In a surprise move on Sunday, the Basel Committee on Banking Supervision unveiled relaxed rules on liquidity coverage ratios and the types of assets banks must hold as collateral, as well as extending the timeline for full implementation and enforcement. The changes should keep credit loose and limit bank exposure to sovereign debt, though questions remain on whether the new rules discourage the types of risky behavior that set off the global financial crisis in the first place.
Part of Basel III, the rules were drafted in 2010—prior to the full impact of the sovereign debt crisis—to make sure banks carry enough capital and liquidity to limit their exposure to risk. (A more detailed explanation of the committee and its work can be found here.) Whereas the original plan allowed only government bonds and “cash parked with central banks” to count as liquid assets required as buffers, according to the Wall Street Journal, the revised rules permit banks to hold a much wider range of assets, including certain equities, high-quality mortgage-backed securities and corporate bonds rated as low as BBB-. One sign of conservatism came in the rule concerning the average buffer for the world’s top 200 banks, which rose to 125% of their estimated monthly outflow, from 105%.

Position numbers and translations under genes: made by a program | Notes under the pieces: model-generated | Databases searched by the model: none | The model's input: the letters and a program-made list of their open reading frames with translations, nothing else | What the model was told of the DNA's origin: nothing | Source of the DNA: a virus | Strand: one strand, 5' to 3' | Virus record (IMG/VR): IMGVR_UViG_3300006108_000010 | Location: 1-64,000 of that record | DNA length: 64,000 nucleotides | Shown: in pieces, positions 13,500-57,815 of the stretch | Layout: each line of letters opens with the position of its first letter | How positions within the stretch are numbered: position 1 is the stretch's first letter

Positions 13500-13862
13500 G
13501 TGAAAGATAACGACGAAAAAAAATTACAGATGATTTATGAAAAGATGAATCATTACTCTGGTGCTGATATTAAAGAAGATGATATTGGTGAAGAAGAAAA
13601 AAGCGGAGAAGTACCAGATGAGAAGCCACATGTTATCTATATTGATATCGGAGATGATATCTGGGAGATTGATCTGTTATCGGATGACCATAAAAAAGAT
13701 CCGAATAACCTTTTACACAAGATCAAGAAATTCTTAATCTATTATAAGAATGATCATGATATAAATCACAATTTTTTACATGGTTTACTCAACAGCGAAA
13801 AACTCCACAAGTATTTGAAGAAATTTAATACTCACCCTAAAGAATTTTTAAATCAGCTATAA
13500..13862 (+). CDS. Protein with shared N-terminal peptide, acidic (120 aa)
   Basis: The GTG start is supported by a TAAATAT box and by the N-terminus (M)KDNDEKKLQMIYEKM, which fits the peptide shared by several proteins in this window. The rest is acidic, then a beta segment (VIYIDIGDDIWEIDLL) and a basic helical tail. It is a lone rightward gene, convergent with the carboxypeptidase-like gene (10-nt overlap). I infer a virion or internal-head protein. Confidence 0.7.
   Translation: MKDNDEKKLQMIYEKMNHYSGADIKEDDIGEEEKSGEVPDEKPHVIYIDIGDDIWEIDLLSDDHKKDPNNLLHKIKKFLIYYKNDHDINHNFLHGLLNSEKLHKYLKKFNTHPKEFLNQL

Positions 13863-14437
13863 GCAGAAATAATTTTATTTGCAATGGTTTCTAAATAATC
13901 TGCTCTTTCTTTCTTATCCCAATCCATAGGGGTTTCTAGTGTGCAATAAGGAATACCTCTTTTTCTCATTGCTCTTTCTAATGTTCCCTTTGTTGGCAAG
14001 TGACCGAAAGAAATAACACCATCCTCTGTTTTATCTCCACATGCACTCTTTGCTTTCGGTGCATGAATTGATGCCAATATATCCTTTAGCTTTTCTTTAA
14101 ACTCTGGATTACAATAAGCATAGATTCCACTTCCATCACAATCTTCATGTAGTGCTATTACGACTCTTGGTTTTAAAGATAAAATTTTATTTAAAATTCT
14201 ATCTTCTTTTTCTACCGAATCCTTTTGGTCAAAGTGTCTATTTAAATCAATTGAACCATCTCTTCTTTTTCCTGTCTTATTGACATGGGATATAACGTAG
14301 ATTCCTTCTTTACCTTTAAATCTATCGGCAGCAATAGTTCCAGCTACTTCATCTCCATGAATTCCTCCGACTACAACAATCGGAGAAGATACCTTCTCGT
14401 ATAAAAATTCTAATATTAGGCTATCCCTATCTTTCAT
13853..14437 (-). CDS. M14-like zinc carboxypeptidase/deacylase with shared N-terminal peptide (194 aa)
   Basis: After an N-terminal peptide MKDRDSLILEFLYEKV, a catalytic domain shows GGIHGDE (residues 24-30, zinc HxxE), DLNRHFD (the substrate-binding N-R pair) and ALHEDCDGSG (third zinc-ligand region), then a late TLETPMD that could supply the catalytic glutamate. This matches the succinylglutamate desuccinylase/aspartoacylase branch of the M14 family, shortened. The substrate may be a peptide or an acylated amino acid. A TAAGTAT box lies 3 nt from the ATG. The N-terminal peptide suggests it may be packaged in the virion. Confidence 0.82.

Overall, though, the decision marks a major triumph for global banking heads, who spent two years arguing that the original draft plan was too stringent (paywall). For instance, the stipulated increase in capital buffers would entail a pullback in lending, they said, hurting private-sector growth. Bank leaders also worried that, by limiting acceptable asset types that could be used as collateral to government bonds and cash, the rules would have pushed banks into buying sovereign debt, tying them more closely to the fates of debt-laden nations.
Bank of England Governor Mervyn King, who headed up the decision-making body responsible for global banking rules, called the deal “a compromise between competing views from around the world.” Noting that the new liquidity standard would help the global financial sector to support economic recovery, King also defended the new rules, saying that they “certainly did not emanate from an attempt to weaken the standard.”
Here’s what else banks got:
More time. Banks have until 2019, instead of 2015 to fully comply with the rules. Bank representatives had said they couldn’t meet the original deadline.
A phased in approach. Banks are only required to have 60% of their short-term funding in place by 2015, with 100% in 2019. The idea is to give banks more time to finance the global recovery.
Less stress. The new plan eases the “stress scenario”—meaning, the amount of liquid assets banks must hold to cover outflows for up to a month to prevent bailouts—for struggling banks, according to Mervyn King. Banks in countries under a great deal of stress, such as those in the euro zone, can draw down buffers below minimum levels if local supervisors agree, he said.